Syrian Troops Assault Rebel Strongholds, Arabs Begin New Diplomatic Push

Posted March 28th, 2012 at 1:25 pm (UTC-5)
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Syrian rights activists say government forces have assaulted several rebel strongholds, triggering battles that killed 13 people as Arab nations began a new diplomatic effort to end Syria's year-long conflict.

The British-based Syrian Observatory for Human Rights said Wednesday forces loyal to President Bashar al-Assad stormed the northern town of Qalaat al-Madiq Wednesday, after a siege lasting more than two weeks.

It says government troops also battled rebels in the towns of Rastan in central Syria and Daraa in the south.

The violence continued a day after international envoy Kofi Annan said Syria had accepted his peace plan for a cease-fire and a dialogue between government and rebel forces. He had urged the Syrian government to implement the plan immediately.

Arab League foreign ministers expressed support for the Annan peace initiative at a meeting in Baghdad, where leaders of the regional bloc were expected to attend a summit on Thursday.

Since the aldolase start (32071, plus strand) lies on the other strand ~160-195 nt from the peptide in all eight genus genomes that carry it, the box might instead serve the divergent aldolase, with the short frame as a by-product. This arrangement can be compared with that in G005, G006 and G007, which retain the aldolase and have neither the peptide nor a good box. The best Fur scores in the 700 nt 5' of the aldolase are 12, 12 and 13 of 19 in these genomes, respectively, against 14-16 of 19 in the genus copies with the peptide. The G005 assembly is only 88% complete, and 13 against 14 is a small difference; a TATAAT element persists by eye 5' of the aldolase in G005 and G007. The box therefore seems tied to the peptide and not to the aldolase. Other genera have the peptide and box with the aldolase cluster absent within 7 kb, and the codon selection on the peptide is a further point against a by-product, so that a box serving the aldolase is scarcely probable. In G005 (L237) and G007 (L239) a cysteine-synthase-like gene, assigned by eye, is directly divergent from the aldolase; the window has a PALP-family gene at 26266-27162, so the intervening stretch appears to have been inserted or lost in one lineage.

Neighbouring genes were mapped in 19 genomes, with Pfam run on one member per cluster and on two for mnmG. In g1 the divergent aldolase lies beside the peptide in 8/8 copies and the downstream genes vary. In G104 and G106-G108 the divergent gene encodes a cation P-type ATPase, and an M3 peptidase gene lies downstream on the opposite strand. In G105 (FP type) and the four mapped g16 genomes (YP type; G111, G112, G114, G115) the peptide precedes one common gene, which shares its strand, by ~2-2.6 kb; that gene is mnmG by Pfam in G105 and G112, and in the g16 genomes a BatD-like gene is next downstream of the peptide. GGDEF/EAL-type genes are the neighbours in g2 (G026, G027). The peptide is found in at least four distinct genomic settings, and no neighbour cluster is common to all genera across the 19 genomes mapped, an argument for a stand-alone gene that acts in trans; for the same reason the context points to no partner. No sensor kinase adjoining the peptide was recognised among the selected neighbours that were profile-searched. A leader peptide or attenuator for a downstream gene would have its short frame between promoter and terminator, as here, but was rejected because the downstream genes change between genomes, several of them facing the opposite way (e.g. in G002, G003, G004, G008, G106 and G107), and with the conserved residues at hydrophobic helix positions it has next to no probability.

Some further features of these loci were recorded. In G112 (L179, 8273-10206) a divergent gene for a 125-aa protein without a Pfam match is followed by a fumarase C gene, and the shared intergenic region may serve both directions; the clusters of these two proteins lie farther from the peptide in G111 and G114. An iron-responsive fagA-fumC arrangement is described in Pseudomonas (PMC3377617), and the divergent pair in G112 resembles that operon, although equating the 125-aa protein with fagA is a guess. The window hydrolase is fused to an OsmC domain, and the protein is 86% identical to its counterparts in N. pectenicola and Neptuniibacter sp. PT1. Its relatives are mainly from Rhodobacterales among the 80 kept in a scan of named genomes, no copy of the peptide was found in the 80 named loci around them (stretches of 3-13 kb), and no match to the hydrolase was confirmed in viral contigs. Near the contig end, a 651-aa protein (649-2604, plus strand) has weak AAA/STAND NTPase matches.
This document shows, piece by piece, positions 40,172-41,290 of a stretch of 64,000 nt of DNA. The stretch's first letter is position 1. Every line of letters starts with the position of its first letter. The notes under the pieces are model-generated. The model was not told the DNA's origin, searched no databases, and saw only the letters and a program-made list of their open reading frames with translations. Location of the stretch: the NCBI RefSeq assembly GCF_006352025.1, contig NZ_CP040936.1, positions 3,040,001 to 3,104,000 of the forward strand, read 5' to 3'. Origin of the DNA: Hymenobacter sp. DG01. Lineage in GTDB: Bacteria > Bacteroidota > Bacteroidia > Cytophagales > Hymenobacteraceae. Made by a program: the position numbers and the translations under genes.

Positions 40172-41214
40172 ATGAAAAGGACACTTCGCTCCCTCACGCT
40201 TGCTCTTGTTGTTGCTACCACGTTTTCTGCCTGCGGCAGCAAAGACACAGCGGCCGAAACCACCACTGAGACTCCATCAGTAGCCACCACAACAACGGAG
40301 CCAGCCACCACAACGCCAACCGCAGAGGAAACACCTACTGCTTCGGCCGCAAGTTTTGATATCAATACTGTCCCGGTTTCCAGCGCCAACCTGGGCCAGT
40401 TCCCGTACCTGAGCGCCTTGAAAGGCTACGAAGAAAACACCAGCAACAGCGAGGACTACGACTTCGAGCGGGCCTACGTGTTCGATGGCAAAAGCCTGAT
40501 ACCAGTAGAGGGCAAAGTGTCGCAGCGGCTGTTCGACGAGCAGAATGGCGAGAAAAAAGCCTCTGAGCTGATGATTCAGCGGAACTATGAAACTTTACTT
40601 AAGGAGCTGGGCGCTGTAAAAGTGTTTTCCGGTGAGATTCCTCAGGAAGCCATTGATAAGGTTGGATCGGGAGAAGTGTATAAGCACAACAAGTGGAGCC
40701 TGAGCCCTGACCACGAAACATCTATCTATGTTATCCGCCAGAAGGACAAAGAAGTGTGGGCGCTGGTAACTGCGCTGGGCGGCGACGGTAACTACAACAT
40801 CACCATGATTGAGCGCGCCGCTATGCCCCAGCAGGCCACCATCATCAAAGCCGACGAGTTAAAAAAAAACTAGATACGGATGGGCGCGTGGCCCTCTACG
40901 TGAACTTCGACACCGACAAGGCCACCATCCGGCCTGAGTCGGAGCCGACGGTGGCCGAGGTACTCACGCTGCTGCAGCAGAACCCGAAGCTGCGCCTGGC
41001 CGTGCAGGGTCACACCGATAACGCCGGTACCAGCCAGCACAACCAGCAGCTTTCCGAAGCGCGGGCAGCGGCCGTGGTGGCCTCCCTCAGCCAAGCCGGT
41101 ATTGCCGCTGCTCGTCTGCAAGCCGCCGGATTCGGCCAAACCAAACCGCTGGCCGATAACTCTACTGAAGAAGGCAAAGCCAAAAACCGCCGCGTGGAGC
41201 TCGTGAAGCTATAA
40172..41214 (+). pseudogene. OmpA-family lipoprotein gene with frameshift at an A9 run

A draft resolution prepared by the ministers for the summit's approval calls on the Assad government to stop violent attacks on the opposition and allow peaceful protests.

Iraqi Foreign Minister Hoshyar Zebari said Syria's implementation of Mr. Annan's plan is “more important than acceptance” and represents a “last chance” for the country to resolve its crisis peacefully.

A Syrian official said his government will reject any resolution passed by the Arab League on Syria. The bloc suspended Syria's membership last year to punish Damascus for continuing a deadly crackdown on an opposition uprising.

Western diplomats and Syrian opposition figures reacted skeptically to Syria's acceptance of the Annan proposals. Opposition members accused Mr. Assad of trying to stall for time as his troops make a renewed push to crush dissent.

In another development, several hundred exiled Syrian opposition figures ended a meeting in Istanbul on Wednesday by declaring the Syrian National Council to be the “formal interlocutor and formal representative of the Syrian people.” Most of the participants signed on to the declaration. Some dissidents walked out of the talks on Tuesday, accusing the SNC of not listening to differing views about how to end decades of autocratic government in Syria.

The United Nations said Tuesday the number of people killed in Syria's crackdown has risen to more than 9,000, an increase of about 1,000 over the world body's previous estimate.